In the excitement of the extension of the 50 State Quarters Program to include the District of Columbia and the five territories, the omnibus bill also calls for the removal of the motto “IN G-D WE TRUST” from the edge to the front of both the Presidential Dollars and the updated Sacagawea Dollars (Native American $1 Coin Act). Section 623 of House Report 110-497 (H.R.2764) changes Title 31 of the US Code Section 5112(n)(2) (31 USC §5112(n)(2)) to alter the Presidential Dollars and 31 USC §5112(r)(2) for the updated Sac Dollars.

According to the bill, “The change required by the amendments made by subsections (a) and (b) shall be put into effect by the Secretary of the Treasury as soon as is practicable after the date of enactment of this Act.” Considering the bill has yet to be signed (as of 12/21), it might be too late for the James Monroe dollars. However, there may be enough time to “fix” the John Quincy Adams dollars.

From what could be found, it appears that the measure was inserted by a Republican member (at this time rumored to be Sen. Sam Brownback (R-KS)) upset over what was called “G-Dless dollars” caused by edge lettering errors. When the edge letter errors first occurred, the uninformed and easily aroused were told that the US Mint removed the motto from the coins on purpose. Conspiracy theorist, anti-government critics, and the religious right became enraged over a mistake. Since then, bills have been introduced in the House and Senate to move the motto to the obverse of the coin. None have had hearings in either house.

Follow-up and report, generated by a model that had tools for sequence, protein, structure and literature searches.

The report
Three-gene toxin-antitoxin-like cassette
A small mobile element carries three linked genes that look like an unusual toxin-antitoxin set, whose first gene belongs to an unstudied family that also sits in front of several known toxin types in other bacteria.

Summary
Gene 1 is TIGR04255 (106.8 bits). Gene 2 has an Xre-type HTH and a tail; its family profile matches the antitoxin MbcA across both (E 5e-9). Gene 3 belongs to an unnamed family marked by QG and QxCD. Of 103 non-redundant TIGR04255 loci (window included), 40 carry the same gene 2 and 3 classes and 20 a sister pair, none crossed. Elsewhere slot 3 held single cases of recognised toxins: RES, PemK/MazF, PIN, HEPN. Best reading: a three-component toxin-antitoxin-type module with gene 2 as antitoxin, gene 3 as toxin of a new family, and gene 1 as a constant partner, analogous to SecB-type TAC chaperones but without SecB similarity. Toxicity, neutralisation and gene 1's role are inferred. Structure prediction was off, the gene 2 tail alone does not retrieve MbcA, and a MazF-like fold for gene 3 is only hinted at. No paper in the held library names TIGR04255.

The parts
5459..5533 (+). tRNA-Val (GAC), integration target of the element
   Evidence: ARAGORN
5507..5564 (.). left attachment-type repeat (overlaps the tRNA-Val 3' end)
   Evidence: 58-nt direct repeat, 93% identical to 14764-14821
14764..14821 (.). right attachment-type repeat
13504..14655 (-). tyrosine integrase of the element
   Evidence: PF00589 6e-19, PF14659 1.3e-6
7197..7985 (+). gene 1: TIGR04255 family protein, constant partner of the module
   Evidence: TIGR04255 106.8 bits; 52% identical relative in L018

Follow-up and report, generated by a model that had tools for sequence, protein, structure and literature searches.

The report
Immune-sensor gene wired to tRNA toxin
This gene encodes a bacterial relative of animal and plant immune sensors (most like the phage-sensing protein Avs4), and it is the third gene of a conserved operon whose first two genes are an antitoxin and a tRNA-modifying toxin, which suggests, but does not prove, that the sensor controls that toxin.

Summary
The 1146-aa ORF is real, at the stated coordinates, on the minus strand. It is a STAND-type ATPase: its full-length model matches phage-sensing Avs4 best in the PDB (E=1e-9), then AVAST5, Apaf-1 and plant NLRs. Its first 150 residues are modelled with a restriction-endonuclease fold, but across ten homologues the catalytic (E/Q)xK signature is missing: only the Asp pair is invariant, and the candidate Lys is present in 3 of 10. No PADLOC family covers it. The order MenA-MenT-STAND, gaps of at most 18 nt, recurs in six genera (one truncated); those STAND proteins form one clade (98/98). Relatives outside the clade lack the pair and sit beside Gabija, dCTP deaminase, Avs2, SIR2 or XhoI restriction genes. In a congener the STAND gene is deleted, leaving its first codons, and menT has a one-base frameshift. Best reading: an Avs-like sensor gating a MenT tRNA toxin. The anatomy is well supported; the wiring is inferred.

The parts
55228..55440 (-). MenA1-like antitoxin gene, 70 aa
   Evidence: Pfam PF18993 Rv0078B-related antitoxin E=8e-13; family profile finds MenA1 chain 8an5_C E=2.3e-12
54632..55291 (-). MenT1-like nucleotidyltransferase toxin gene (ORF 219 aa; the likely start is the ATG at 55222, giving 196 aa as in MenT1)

I do not like the reason why this was done. Religion is a matter for the clergy and not congress. ALL religions should be respected and not a matter of legislation. Religion is personal and should not be legislated. Yet some members of congress feel they have to proselytize as they legislate. Arrogant members of congress are forcing their religious convictions on the public through our money. I feel is a violation of the First Amendment: Congress shall make NO LAW respecting an establishment of religion, or prohibiting the free exercise thereof. I know the courts do not agree with me, but I feel they are very wrong!

My feeling regarding the use of this motto on coins was best expressed by President Theodore Roosevelt:

My own feeling in the matter is due to my very firm conviction that to put such a motto on coins, or to use it in any kindred manner, not only does no good but does positive harm, and is in effect irreverence, which comes dangerously close to sacrilege… it seems to me eminently unwise to cheapen such a motto by use on coins, just as it would be to cheapen it by use on postage stamps, or in advertisements.

This provision is buried in a large piece of legislation that is critical to the operations of the government. It was done in a manner that prevented discussion and debate by spineless politicians looking to curry favor with their ignorant constituents. Unfortunately, those of us who like the move for its numismatic design value will have to put up with congressional ineptitude.

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